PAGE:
There have been many, many visitors to Finnish schools in the past few years from all over the world. I imagine some people are curious like I am and I imagine that some people are desperate to find the panacea to fix their systems back home. Some schools around the country cater to international visitors resulting in students and teachers being aloof to a gaggle of educators watching them. And most schools might not have specific programming, staff members, and fees associated with international visitors, but offer a warm, encouraging welcome when asked.
Monday's visit was to a school in Espoo that sees quite a bit of international foot traffic. In fact, I joined a group of 50 or so teachers from Tartu, Estonia who were entirely lovely and enthusiastic. The day was structured and precise, cuing us into what this school does well. It was an inspiring view, kindling that feeling of wonder/envy/ excitement that I can only express as, "I want to teach here!" It's a feeling I've felt in a couple of schools here, for different reasons. In this case, I can't lie, I'm attracted to the gorgeous school facilities. The building is gorgeous and designed with the values and ambitions of the school in mind. I know that the walls of a building are not the heart of a school, that amazing things can happen in the most unextraordinary of places and underwhelming learning can occur in palatial settings. Coupling a solid educational experience with creative teachers, visionary school leaders, and a wonderful environment - and money, I really can't leave that out of the equation; I want to, but I can't - well, you've got a very special place.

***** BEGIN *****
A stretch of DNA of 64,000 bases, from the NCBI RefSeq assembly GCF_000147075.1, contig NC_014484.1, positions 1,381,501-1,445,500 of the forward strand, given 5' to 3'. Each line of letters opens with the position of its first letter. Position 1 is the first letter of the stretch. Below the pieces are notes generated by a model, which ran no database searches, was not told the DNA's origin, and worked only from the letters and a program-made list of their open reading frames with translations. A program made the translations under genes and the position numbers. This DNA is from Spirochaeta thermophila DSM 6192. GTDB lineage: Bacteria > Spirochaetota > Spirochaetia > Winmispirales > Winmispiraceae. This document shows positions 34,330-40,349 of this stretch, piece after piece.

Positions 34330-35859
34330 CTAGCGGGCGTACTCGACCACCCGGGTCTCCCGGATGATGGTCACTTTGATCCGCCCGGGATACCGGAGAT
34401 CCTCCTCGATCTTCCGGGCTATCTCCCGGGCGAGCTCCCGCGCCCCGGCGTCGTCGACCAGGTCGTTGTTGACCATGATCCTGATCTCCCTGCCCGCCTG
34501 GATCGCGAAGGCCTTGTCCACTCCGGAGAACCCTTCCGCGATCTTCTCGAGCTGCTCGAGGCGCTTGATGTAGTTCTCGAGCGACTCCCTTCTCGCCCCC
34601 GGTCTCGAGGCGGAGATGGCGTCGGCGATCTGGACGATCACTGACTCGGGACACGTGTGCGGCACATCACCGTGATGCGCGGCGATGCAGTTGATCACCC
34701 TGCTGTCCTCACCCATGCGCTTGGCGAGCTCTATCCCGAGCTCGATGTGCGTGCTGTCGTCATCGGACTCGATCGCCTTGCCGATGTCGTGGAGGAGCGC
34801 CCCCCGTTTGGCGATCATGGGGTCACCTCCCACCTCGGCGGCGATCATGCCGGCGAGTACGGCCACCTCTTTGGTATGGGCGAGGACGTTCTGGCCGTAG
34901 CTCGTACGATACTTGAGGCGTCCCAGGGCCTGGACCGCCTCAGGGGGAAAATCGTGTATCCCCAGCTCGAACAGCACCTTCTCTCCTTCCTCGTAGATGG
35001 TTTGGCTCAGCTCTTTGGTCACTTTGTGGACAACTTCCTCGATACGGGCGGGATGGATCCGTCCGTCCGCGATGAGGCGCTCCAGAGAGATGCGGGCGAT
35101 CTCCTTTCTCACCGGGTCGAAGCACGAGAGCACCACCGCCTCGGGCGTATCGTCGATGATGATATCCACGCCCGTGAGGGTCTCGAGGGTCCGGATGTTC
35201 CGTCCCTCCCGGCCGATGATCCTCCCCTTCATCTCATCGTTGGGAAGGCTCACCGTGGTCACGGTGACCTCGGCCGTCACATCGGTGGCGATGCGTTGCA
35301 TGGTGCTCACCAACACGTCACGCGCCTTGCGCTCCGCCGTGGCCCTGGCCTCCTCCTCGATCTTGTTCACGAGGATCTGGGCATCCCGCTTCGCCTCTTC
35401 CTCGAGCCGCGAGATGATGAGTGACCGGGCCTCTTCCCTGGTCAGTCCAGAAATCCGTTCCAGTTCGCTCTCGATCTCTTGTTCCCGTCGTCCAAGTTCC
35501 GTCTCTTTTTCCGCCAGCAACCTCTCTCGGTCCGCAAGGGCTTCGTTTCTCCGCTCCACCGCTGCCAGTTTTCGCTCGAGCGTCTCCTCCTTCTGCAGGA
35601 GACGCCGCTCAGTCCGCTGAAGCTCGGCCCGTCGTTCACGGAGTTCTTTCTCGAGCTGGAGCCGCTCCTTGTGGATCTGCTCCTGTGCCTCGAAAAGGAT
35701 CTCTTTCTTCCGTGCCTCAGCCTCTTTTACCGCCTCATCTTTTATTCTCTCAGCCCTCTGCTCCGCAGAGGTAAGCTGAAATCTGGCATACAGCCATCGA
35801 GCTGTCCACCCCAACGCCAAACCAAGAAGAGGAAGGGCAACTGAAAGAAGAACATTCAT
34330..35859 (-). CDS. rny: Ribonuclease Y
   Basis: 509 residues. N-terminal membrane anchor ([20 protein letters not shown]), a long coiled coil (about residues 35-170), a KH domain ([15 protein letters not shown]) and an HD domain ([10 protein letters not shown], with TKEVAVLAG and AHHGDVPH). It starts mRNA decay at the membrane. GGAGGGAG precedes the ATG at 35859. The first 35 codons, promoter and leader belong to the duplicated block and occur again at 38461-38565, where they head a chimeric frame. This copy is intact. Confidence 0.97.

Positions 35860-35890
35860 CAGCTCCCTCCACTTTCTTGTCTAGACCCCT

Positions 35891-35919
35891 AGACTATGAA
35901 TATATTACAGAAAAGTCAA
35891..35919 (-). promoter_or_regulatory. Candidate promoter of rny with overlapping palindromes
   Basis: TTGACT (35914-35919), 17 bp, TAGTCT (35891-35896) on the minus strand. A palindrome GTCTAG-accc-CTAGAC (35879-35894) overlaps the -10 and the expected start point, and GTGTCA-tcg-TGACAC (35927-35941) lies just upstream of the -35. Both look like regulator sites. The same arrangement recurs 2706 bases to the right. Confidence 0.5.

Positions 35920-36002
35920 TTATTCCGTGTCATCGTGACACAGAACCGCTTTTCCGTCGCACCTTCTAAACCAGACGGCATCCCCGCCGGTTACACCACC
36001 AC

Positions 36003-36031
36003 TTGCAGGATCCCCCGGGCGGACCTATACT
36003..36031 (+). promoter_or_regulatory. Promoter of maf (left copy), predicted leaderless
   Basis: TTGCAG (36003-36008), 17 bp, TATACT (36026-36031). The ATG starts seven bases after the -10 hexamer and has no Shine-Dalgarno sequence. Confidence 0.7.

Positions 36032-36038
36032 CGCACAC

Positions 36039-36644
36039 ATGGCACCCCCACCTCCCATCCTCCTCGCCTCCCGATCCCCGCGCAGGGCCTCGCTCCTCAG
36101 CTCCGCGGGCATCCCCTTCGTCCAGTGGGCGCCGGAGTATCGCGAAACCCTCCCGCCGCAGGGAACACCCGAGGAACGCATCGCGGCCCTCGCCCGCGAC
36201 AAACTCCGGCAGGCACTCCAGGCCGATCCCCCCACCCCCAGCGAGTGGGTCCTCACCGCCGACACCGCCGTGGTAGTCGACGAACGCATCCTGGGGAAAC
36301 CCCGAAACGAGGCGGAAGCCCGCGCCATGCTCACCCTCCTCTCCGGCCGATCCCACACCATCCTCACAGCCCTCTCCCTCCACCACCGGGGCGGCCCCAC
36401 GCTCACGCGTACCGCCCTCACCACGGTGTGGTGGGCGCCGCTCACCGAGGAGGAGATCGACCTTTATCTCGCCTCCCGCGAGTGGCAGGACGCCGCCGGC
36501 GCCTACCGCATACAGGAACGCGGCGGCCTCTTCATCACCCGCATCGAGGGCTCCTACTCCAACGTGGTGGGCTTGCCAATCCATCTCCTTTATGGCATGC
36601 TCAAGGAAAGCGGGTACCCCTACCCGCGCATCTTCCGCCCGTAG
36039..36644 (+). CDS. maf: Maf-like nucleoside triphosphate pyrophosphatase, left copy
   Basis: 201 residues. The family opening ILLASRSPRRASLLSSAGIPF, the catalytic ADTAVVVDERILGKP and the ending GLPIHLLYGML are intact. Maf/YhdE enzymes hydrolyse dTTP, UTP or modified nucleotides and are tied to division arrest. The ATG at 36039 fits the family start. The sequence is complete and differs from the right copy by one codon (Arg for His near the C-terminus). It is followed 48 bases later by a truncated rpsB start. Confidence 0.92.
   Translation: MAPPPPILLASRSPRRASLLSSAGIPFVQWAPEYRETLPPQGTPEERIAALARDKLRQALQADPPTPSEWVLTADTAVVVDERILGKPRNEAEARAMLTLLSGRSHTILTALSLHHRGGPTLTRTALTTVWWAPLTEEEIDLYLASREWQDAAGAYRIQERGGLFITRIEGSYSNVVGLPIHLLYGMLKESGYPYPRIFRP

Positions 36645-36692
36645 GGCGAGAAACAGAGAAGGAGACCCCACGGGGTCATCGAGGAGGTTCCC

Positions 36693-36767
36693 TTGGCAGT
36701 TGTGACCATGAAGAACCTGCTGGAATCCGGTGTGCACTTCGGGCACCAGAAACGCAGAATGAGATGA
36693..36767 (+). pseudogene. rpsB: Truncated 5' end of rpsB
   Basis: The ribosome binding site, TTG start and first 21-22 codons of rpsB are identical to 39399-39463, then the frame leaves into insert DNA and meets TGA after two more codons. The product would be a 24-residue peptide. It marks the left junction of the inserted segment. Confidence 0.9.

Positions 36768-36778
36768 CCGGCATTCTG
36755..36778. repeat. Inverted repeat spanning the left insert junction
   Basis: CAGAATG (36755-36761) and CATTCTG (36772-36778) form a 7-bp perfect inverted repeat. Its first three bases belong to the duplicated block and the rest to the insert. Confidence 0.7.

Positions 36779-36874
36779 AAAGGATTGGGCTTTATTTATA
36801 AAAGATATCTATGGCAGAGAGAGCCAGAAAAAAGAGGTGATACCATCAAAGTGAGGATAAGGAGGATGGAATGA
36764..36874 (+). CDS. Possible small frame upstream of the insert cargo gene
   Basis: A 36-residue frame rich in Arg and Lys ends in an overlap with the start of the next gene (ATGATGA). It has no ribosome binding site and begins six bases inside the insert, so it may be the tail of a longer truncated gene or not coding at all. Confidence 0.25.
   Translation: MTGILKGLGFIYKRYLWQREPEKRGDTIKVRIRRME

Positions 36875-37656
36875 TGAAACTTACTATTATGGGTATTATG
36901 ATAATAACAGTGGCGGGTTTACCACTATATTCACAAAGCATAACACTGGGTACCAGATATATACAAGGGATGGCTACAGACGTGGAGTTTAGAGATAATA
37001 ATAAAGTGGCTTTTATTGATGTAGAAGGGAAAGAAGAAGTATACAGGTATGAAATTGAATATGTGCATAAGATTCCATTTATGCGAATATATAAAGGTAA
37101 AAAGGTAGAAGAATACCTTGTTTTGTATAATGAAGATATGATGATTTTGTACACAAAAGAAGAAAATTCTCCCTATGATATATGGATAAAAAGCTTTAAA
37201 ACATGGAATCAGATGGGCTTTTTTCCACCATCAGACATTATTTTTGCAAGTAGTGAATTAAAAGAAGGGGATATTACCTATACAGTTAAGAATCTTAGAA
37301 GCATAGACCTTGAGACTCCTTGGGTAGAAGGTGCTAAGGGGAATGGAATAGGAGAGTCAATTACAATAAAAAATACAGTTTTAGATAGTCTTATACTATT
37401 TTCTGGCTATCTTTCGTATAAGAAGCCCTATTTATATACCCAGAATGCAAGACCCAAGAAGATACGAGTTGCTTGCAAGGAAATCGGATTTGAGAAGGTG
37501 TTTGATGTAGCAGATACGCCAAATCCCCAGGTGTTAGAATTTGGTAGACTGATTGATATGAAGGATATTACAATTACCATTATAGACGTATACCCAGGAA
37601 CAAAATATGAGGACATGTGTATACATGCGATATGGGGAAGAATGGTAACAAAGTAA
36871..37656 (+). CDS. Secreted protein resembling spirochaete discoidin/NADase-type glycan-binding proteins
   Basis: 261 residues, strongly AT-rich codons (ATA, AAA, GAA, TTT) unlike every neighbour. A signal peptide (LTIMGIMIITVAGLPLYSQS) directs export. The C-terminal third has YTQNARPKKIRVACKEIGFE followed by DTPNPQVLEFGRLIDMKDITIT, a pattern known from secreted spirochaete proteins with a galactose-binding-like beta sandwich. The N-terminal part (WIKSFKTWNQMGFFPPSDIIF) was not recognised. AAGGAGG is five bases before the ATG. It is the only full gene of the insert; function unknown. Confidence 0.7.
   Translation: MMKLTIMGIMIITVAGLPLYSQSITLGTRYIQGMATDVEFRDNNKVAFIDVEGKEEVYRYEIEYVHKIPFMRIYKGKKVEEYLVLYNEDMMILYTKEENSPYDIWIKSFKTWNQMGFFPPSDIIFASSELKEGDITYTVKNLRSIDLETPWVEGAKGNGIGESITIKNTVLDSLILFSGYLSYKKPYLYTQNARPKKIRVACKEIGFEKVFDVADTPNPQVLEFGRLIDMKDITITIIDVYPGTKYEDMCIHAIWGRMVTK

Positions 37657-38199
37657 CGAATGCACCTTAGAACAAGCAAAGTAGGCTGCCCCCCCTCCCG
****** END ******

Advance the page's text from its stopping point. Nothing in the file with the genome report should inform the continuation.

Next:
The National Curriculum will be evident in any school you visit or attend in Finland. Each of the municipalities might add to the curriculum to enhance and localize the educational experiences for children. Then the schools interpret the national curriculum and municipal enhancements through their school-based lens that might be a specific focus, theme, or set of values. The teacher then has an incredible amount of autonomy of how to teach the curriculum. I'm gleaning that, in most schools, teachers have very few mandates; i.e. teachers aren't going to be told to take on a particular project or forced to collaborate with other teachers. Collaboration can be encouraged and it can flourish among mutually engaged persons.
This school hires for teachers who can and will work collaboratively and for teachers who embrace a transparent, fluid way of teaching and learning. The school employs windows and open doors to illustrate that learning does not only belong in the classroom and is not only delivered by a teacher. Take a look...
But, I need to tell you this...on most days, as a teacher in the US, in NM, in Albuquerque, at the sweet little school I've taught at the past 7.5 years, I am inspired. I see the essence of what I saw in this state-of-the-art school -- skilled, creative teachers; flexibility and innovation; dedication to engaging children; moving children into the world and the world into the classroom; and community. I saw these traits in schools I visited and through teachers I met in Bogotá and Cartegena, Colombia.
You don't need a beautiful building (although, it certainly wouldn't hurt) to have beautiful learning. I think I loved visiting this school -- and visiting most schools, really - because I see the places I love and the places where I teach mirrored in the classrooms and halls and playgrounds in these dear, sweet schools in Finland.